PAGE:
Artist ProfileCarol Jenkins
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I was born to an artistic Massachusetts family. I started drawing and painting very early. My home was filled with beautiful paintings done by my great grandmother. She traveled to the White Mountains in New Hampshire in the 1890"s to paint "en plein air". I was inspired by these paintings and encouraged by my family. I always knew I wanted to be an artist.
I received a National Scholastic Art Scholarship in high school to go to the art school of my choice. I dreamed of becoming an illustrator and choose Vesper George School of Art in Boston.
One of my teachers was Robert Douglas Hunter. He noticed my talent and encouraged me to move from commercial art to fine art. I transferred to the School of the Museum of Fine Art in Boston, Massachusetts and majored in painting.
In my early twenties I had an urge to travel and headed west. I was struck by the awesome beauty of the Rocky Mountains. I settled in the historic mining town of Ward, Colorado, surrounded by National Forest and near the Indian Peaks Wilderness area. Hiking, backpacking, and living in a small town suited me. I am still here today.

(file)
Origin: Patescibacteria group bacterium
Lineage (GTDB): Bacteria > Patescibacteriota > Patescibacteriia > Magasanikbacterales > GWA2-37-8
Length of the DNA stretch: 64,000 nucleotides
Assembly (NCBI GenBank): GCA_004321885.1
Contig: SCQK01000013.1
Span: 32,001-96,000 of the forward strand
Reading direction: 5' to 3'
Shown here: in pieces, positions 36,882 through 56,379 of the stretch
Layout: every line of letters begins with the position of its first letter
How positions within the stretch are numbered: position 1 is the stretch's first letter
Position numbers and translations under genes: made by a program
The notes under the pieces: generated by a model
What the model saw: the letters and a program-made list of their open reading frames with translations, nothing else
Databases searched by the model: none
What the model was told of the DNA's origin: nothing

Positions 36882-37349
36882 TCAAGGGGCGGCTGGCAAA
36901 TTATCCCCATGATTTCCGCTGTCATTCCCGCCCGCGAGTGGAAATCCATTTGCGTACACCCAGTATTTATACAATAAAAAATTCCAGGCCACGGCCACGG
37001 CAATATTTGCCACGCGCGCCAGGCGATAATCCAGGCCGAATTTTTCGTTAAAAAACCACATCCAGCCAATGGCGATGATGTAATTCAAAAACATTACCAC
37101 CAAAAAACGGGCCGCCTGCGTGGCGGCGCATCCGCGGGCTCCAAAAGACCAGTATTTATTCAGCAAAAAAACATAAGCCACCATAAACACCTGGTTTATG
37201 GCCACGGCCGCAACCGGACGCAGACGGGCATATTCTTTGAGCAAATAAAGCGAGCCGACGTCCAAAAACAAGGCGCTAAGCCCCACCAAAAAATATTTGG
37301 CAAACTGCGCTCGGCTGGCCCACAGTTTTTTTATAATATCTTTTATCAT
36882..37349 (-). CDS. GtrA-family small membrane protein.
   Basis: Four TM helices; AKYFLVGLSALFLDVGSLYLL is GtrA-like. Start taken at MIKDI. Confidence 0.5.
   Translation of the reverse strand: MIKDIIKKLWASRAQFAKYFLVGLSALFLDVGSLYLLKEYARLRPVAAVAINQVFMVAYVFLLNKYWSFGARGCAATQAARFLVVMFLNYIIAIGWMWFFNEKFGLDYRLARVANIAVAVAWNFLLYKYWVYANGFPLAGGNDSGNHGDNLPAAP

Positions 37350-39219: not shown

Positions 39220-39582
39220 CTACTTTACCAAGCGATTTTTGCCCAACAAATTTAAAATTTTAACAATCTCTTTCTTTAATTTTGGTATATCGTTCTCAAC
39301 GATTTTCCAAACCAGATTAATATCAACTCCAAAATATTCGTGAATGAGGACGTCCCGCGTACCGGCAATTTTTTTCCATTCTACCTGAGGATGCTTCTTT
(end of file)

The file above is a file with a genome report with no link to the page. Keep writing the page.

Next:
After many years of working with pastels, I felt like holding a brush again. I decided to get serious about oils and signed up for workshops with the best teachers and painters I could find. I studied with Kim English, Skip Whitcomb, Kang Cho, Greg Kreutz, George Strickland, Carolyn Anderson and Kevin Weckbach. I can't begin to describe how great it is to spend time with teachers so willing to share their knowledge and experience.
I enjoy painting just about anything - landscapes, interiors, buildings and figures, but my greatest love is plein air painting. The weather, the light, and the land all become part of me. Heading out into nature, looking around and being inspired by a beautiful composition and translating that to my canvas right then and there is always exciting to me.
I still love to travel to New England, Florida and the mountains and deserts of the Southwest. You can often find me happily painting on the side of a road, in some grubby alleyway, or off on some trail past the "no trespassing" sign.